'Rainbow Serpent Festival: All the Colours of Petty Politics' / Clementine Girard-Foley
Rainbow Serpent Festival this year was a 'horror weekend' apparently; it reeked with drugs, sex and every other form of 'unacceptable' behaviour you could possibly imagine. Bumps of ketamine were stuffed up dusty noses as handcuffs clinked, announcing the presence of police in high vis vests as they melted into the laser beam décor, with the occasional serviceperson throwing a sneaky fist pump in the air when thought to be unobserved. Multiple media sources such as The Age, The Herald Sun, The Daily Mail and The Daily Telegraph have bashed the arts and music festival for every wrongdoing they could think up, to the extent that a bunch of 19 to 23-year-old kids were branded agents of organised criminal syndicates believed to have 'hijacked' the festival.
My experience at Rainbow Serpent was far from this modern mass murderer image that a lot of the mainstream media, the police and some politicians have been circulating. In actual fact, it was probably the most safety-concerned festival I’ve ever been to in my life. A safe space called The Nest was dedicated to the victims of sexual assault and gender-identity problems, and another was dedicated to those harmed by the consumption of drugs and alcohol. At any point in time, rangers would roam around campsites and dance stages relaying information about patrons’ safety to security services in addition to being on-call for any help or requests by the partygoers. Even catchy one-liners posted around the festival advised us on how to party well (“You can’t rave and repeat without eat, drink and sleep”). The overwhelming message I got from the festival was to prioritise looking after each other in a climate of non-judgement, safety and solidarity.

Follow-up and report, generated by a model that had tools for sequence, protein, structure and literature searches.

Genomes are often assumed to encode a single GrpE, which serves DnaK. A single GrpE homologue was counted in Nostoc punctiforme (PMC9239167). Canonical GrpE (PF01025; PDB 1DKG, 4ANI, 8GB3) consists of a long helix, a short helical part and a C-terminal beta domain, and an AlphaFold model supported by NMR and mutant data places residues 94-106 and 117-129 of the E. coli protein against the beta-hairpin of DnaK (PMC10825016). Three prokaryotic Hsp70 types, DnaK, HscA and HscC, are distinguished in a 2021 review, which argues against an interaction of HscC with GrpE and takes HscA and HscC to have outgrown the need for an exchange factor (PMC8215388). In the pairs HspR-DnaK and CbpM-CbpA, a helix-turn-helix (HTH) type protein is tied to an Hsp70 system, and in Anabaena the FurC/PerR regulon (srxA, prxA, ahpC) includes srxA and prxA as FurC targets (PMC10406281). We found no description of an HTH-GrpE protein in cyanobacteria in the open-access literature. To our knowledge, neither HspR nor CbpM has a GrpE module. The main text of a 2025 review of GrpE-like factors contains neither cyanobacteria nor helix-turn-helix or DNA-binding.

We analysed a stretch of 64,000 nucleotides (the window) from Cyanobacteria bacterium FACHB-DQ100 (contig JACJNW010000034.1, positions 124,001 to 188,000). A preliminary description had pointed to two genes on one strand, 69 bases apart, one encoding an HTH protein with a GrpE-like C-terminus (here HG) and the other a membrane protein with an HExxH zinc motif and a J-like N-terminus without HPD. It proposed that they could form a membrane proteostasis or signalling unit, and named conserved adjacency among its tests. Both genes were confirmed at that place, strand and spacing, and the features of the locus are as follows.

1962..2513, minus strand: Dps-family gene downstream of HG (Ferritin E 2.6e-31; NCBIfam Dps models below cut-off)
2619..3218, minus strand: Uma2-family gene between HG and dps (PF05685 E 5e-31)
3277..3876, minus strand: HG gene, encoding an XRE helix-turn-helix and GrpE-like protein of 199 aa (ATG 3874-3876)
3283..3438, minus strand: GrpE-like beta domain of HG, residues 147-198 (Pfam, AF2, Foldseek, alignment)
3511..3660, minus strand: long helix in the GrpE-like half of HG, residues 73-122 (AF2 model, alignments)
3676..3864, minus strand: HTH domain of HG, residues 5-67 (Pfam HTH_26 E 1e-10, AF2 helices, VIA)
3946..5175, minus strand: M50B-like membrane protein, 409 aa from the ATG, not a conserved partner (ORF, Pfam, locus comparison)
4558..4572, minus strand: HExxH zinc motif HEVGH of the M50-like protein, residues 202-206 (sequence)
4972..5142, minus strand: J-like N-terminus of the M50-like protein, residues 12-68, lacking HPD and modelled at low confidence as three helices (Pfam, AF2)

Call all the above anecdotal evidence, but the mere fact that 20 drug overdoses can happen in one night due to a bad batch of MDMA circulating around Melbourne’s clubs when there were seven in total at Rainbow festival, with 18,000 people in attendance over five long, 40 degree-plus days, is a testament to the festival’s efforts at creating a safer partying environment. It seems like music festivals such as Rainbow have been an easy target for politicians wanting to seem tough on drugs and their consequences amongst anti-drug voters. It’d be too tempting not to profit from drug deaths at a festival in order to enhance a zero-tolerance, tough-on-crime image that is marketable to older electorates that might be unsatisfied with a range of other issues. This becomes an even easier process when the demographic that is being targeted is young and is associated with the creative arts, lacks the resources to lobby for the government’s sympathy or even have its own voice heard in response to these accusations of degeneracy. The political currency associated with the issue of drugs at music festivals reasonably explains both the Victorian and NSW governments’ refusal to allow for pill testing to be implemented. When entrapped in a conundrum over whose interests are best to protect, the apparent answer was to ditch the welfare of young people’s lives and opt for the politically-safer move of a hardline stance on drugs.